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The second exhibition that will open during the Antwerp Art Weekend at Ibasho is ‘Hibi: fragments of daily life’ by the Japanese photographer Issei Suda (1940 – 2019). This is in connection with the large retrospective exhibition in FoMu Antwerp of Suda’s works that starts on 7 May. Suda is maybe lesser known than Japanese photographers such as Daido Moriyama, but as talented and important.

In a small exhibition of 27 works in black and white in the front room of IBASHO, visitors can get further acquainted with the very recognisable style in which this photographer recorded daily life in Japan over a period of nearly 60 years. Suda combined a pure appreciation of Japanese customs with a sharp investigative eye.

Suda received his first camera, a Rolleiflex, from his father when he entered the Tokyo College of Photography, from which he graduated in 1962. In 1967 Suda began work as the stage and publicity photographer for Tenjo Sajiki, a theatrical troupe directed by poet-playwright Terayama Shuji. The troupe sought to express the mysterious side of everyday life, a theme that Suda continued to pursue after beginning his freelance career in 1971. His work began to appear in photography magazines, earning him early recognition in Japan and abroad.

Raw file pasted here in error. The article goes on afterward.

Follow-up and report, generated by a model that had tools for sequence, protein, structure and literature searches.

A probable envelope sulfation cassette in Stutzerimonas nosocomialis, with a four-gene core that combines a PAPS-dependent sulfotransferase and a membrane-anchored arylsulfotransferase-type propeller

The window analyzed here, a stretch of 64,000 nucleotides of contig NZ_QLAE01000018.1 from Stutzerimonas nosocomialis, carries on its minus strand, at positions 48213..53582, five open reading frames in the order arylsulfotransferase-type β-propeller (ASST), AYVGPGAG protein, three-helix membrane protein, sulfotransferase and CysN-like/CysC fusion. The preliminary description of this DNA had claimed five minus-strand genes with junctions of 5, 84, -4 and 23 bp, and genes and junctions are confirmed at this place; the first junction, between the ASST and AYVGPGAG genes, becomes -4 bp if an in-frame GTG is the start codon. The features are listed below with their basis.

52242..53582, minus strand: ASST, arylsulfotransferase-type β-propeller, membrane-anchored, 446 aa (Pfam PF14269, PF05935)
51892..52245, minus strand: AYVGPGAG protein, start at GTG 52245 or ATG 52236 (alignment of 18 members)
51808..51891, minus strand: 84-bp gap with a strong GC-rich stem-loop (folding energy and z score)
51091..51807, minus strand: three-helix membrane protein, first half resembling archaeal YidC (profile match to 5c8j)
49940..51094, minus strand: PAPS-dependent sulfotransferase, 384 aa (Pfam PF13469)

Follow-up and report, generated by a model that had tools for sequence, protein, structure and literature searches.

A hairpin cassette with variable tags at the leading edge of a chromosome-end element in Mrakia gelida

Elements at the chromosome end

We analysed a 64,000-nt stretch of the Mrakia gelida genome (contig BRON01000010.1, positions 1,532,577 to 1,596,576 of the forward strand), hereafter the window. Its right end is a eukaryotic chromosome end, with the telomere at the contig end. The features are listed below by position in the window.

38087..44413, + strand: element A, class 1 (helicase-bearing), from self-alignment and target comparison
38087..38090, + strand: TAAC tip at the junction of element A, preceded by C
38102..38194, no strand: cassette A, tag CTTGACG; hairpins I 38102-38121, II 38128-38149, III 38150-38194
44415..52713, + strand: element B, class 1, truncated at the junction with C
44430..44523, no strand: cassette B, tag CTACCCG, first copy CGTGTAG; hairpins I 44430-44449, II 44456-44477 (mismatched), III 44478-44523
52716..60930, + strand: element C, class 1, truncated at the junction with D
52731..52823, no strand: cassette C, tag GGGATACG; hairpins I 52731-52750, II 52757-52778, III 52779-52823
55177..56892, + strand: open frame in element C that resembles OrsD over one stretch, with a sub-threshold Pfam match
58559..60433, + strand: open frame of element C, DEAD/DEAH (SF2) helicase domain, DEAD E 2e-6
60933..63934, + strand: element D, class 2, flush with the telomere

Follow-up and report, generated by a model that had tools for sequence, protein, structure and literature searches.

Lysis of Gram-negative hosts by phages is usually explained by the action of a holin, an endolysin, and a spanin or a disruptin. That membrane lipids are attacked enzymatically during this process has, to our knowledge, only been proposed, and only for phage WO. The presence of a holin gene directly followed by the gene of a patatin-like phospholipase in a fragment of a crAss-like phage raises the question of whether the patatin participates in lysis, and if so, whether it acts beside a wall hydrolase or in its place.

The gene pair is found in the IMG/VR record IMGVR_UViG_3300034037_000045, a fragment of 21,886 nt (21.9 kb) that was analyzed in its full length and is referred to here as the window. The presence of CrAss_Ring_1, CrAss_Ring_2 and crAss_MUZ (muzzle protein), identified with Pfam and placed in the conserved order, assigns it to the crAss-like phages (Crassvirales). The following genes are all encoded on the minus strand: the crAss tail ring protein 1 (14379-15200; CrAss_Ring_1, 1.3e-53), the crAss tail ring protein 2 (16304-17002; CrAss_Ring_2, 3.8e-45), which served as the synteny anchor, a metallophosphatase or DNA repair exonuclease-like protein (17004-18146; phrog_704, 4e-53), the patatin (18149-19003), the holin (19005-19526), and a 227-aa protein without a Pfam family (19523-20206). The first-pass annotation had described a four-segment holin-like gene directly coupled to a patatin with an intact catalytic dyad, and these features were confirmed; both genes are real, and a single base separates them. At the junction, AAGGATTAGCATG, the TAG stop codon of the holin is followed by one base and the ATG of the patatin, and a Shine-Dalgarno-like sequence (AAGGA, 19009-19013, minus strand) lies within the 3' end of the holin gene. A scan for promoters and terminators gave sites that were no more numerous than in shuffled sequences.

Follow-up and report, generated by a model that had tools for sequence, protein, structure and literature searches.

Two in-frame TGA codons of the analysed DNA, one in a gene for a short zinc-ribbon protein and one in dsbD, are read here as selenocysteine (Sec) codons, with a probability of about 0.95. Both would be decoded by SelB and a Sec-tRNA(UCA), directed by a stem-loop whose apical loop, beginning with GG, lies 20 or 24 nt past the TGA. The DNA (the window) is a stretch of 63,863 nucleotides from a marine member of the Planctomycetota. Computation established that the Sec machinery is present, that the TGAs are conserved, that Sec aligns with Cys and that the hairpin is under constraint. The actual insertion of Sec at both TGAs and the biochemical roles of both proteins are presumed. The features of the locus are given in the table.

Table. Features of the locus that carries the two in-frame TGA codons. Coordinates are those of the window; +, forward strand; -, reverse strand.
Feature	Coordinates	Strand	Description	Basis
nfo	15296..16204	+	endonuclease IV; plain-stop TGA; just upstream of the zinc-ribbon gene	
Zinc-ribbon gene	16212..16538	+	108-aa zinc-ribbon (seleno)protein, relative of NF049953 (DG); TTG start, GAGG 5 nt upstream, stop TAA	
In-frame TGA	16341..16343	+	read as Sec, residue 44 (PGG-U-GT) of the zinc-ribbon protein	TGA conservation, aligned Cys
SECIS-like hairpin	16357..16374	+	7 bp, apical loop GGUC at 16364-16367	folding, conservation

In his most famous series of work, ‘Fushi Kaden’ from 1976, Suda succeeded in capturing the extraordinary that exists within the ordinary. He received high praise for these photographs, that direct our gaze towards another world and ever since, he has continued to publish works that focus on familiar landscapes, commonplace festivals or customs, etc.

He is ranked, not only in Japan but also abroad, together with other photographers whose style presents a uniquely Japanese development of the personal viewpoint. Some of his work has received attention for being peculiarly subjective, while simultaneously providing a new outlook on the standard images of Japan or Tokyo from an ethnological viewpoint.